How you handle player comparison debates will completely shift the way you play daily fantasy sports.
When we built out our initial player comparison tool, the idea was simple: every Tuesday we would create our player projections for the week and when users selected two players to compare they would simply get those projections stacked up head-to-head.
Fast forward to our current model of helping our visitors understand how to consistently build better lineups. There are two schools of thought behind that with this player comparison article:
First, player comparison tools are useless and if you use them you will never be a winning DFS player. Sorry, but it’s true.
Second, player comparison can be done in 10 seconds by simply pulling up your favorite source for rankings and projections, finding your players and comparing their scores.
Don’t rely on random projections used by the comparison tool you are using.
FantasyPros for example, is a site that allows you to find the professional fantasy reporter you like most and view their rankings each week.
Player Comparison Tools in Daily Fantasy
So, in terms of daily fantasy, how and when should you be doing player comparisons?
In reality, everything in DFS is player comparisons.
The question isn’t, is Aaron Rodgers or Tom Brady a better play.
Rather the question should be, is Rodgers at $9,400 vs the Lions or Brady at $9,800 vs the Dolphins a better play?
This can obviously get extremely multilayered and complicated, and technically you would need to do this for every player in every slate.
To speed up your process, here are some specific pieces of data that you should pay attention to:
- Opponent points allowed per game at the given position.
- Opponent pace of play.
- The player’s 5-10 game scoring trend.
- Significant injuries that create opportunity and added targets.
- For receivers, WR vs DB statistics are available at Pro Football Focus.
Rankings vs Projections
Player rankings and player projections are two very different sets of data.
It’s our opinion that projections are wildly inconsistent and taking them at value can be extremely dangerous. Most sites that use projections use data that doesn’t fully account for matchups, changes in roles, injuries, individual matchups, etc.
Rankings on the other hand can be a consistent source for useful player comparisons.
If you look at FantasyPro’s expert rankings, the same guys are consistently in the top 10-20 every year. This isn’t because they have cracked the code and have a great algorithm. It is because they take the time to hand-craft weekly rankings that account for all the factors we have mentioned in this article.
Furthermore, you don’t consistently get into the top 10 by using stock rankings.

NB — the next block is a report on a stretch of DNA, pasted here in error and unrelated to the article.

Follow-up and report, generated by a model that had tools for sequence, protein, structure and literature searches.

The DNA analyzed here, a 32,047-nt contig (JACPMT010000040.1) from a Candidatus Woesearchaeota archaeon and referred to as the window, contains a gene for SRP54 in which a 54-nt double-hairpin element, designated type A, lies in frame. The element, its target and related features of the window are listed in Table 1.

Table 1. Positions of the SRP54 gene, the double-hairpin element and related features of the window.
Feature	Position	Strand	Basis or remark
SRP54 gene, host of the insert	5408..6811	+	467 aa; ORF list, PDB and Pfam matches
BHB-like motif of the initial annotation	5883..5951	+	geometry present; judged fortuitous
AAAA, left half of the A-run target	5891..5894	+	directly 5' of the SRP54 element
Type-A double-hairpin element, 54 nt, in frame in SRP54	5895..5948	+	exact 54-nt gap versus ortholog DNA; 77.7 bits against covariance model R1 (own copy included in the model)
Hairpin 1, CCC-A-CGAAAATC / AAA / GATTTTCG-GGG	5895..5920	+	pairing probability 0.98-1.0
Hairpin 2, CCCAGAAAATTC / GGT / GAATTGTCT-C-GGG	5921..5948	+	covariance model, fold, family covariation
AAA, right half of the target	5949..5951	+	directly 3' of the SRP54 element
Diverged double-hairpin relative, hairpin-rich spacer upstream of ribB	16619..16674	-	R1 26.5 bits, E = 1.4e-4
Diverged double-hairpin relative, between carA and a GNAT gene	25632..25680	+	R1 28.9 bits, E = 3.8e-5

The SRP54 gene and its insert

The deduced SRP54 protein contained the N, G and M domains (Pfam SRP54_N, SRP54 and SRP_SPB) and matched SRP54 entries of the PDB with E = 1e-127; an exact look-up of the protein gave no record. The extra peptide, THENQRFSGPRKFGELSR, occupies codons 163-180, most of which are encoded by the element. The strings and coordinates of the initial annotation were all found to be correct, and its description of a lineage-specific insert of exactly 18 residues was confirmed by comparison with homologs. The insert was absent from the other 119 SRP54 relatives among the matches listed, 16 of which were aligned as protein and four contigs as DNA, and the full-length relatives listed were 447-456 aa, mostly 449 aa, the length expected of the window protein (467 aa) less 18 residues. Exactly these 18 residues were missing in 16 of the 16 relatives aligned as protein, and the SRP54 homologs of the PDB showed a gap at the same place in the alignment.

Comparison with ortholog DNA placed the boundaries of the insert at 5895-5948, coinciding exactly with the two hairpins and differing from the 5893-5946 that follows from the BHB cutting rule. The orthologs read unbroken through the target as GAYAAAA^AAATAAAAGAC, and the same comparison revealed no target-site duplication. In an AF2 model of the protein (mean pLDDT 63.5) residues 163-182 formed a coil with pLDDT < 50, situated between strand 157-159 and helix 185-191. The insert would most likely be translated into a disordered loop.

There would be no consistency to that, because there are several experts that mail their weekly rankings in. You get into and consistently stay in the top 10 by taking the right risks.
You get into the top 10 by moving Kamara and Hunt into your top 10 RB rankings after preseason injuries, for example.
How to Compare Player Matchups
Comparing player matchups can not be done by simply looking at yards allowed or even fantasy points allowed. There are always anomalies.
For instance, teams early in the season last year had small sample sizes that were getting shredded when they faced Alvin Kamara who was averaging something like 10 yards per touch and was breaking several long plays each week.
For quarterbacks I like to target teams facing opponents that struggle with time of possession. If I can get a good QB, with a good matchup, that is likely to dominate time of possession, he should reach value more times than not.
For receivers, I always start with PFF’s WR vs CB chart.
Identify individual mismatches, then move on to compare the same team matchups we mentioned for quarterbacks.
One extremely helpful hint with receivers:
Look for a guy that gets a ton of targets, facing a team/corner that gives up large amounts of yards per target.
At running back I am looking for RB’s that are trending 20+ touches, and have a matchup with a defense that gives up 4.2 YPC or more.
Furthermore, if you can find a RB that plays all three downs in one of these matchups, he becomes a must start.
The tight end position is the one spot that I really lean on DvP numbers. Give me a good passing offense in a matchup with a defense that can cover tight ends and you are giving yourself a chance to hit value at the position.
The most important thing when it comes to player comparisons is to listen to your gut.
If the numbers tell you a guy is right, that is one thing, but if you go against your gut then you will just be kicking yourself all day on Sunday.
Always start players that you genuinely want in your lineups.